Since the beginning of the pandemic, “hybrid workplaces” have become a new trend, this combination of both in-office and remote work. Many people are leaving their jobs in order to work remotely, and when companies make excuses for why this isn’t possible, they increase the possibility of losing out on their star employees. While employers are not yet confident in the entirely remote workforce, you need to consider the place of the employee. Remote work cuts down on commutes, restructures the work-life balance, cuts down on distraction and frustration, and cuts into infrastructure and overhead costs.
Remote work can also mean you finding talent that extends beyond a local hire pool!
Invest in Your Employees’ Growth
Growth is important for both individuals and businesses, and sometimes your employees will look for growth in a low-paying job if it means reaching a place that they are happy with. While this might sound like a way to offer lower pay or cut corners, it’s actually the opposite. The only way an employee will respect a lower salary is if they see immediate and clear opportunities.
In-house training programs, learning opportunities, growth seminars, and managerial shadowing are all ways that an employee can feel as though they are valued and moving up in the workplace. When you promote the career growth of your employees, your staff will thank you by investing themselves more in the company and workplace. This is why team building is important; it helps your employees grow into people that belong to the community of your company.
Make Employees Feel Valued
We’re all human, and we all want praise. Search for ways to offer incremental promotions. Don’t belittle contributions or attempt to undermine your staff. Acknowledge intelligence by showcasing employees that go above and beyond. Increasing employee retention means making those employees feel valued, and this might be easier than you think. If you’re transparent with your staff, if you openly recognize hard work, if you appreciate your staff, if you ask for their opinions (and actively listen) you will notice an almost immediate response. You need everyone to feel valued, from HR to the cleaning crew, and a kind word and honest feedback will greatly improve temperament and morale.
Create an Inclusive Workplace Culture
Inclusive and diverse workplace cultures are more important now than they’ve ever been. The pandemic has brought out a lot of ugliness, from division to resentment to racism. Diversity goes beyond simple hires or empty gestures; you need to actually build an inclusive workplace and then harbor and take care of it when it exists.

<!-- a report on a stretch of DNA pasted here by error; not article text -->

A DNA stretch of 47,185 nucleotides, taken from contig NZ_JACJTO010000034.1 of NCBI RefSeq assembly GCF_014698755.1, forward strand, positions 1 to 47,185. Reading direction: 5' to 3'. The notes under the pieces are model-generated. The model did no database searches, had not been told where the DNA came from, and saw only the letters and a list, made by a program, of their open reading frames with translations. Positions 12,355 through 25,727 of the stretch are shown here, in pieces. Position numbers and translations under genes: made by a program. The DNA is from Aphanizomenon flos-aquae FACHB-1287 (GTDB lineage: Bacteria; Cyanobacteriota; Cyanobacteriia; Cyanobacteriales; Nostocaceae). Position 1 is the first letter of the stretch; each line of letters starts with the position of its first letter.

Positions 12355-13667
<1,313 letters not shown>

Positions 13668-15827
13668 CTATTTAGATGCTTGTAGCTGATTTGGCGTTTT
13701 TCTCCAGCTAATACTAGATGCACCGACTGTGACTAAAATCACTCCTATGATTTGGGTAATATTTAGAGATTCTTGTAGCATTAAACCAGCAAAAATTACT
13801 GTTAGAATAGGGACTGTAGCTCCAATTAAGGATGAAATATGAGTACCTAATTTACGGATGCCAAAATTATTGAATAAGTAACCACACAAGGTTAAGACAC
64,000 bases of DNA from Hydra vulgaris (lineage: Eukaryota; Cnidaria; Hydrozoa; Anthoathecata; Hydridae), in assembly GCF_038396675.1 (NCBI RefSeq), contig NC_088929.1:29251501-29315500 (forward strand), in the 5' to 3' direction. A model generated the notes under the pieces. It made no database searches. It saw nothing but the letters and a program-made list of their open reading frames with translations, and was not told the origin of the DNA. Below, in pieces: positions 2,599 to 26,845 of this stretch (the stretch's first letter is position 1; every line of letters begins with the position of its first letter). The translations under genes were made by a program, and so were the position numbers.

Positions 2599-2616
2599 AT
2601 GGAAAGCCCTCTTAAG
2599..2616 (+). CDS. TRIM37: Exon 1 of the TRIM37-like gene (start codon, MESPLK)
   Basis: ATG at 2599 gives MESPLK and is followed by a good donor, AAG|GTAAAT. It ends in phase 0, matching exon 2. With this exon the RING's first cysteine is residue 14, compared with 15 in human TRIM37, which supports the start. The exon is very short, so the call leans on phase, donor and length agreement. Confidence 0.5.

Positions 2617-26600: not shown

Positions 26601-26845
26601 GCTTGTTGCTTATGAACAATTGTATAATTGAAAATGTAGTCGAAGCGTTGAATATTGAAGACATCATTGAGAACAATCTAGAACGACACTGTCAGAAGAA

An overwhelming portion of working adults agrees that it’s paramount that their employer structure an inclusive workplace culture. Any business that glorifies, identifies, and values people of all walks of life will not only retain more employees but attract new talents that may have been nervous to join in. Gender-inclusive language, religious tolerance, and strongly anti-racist rhetoric in the workplace will make people feel valued and give belonging to those minority groups that are most vulnerable in our communities.
Introduce Team Building Activities
Employee team building activities are more than just a break from the stressors of work, they function as morale boosters, relationships builders, and structured training opportunities. Communication is so important in the workplace, and oftentimes we can forget that communication is built on more than email and meetings alone. Businesses that actually promote healthy staff relationships and allow their employees to really get to know one another will see strong growth and employee retention.
Virtual team building activities can promote a sense of belonging amidst this time of uncertainty.
Promote a Healthy Work-Life Balance
Your employees deserve a healthy balance of both life and work, and this necessity goes beyond just clocking out at the end of the day. In our virtual and remote work lives, that work-life balance has had its boundaries skewed and blurred. A healthy staff is the biggest contributor to the success of your business, and if you think about employee health in the long term, you will retain more staff.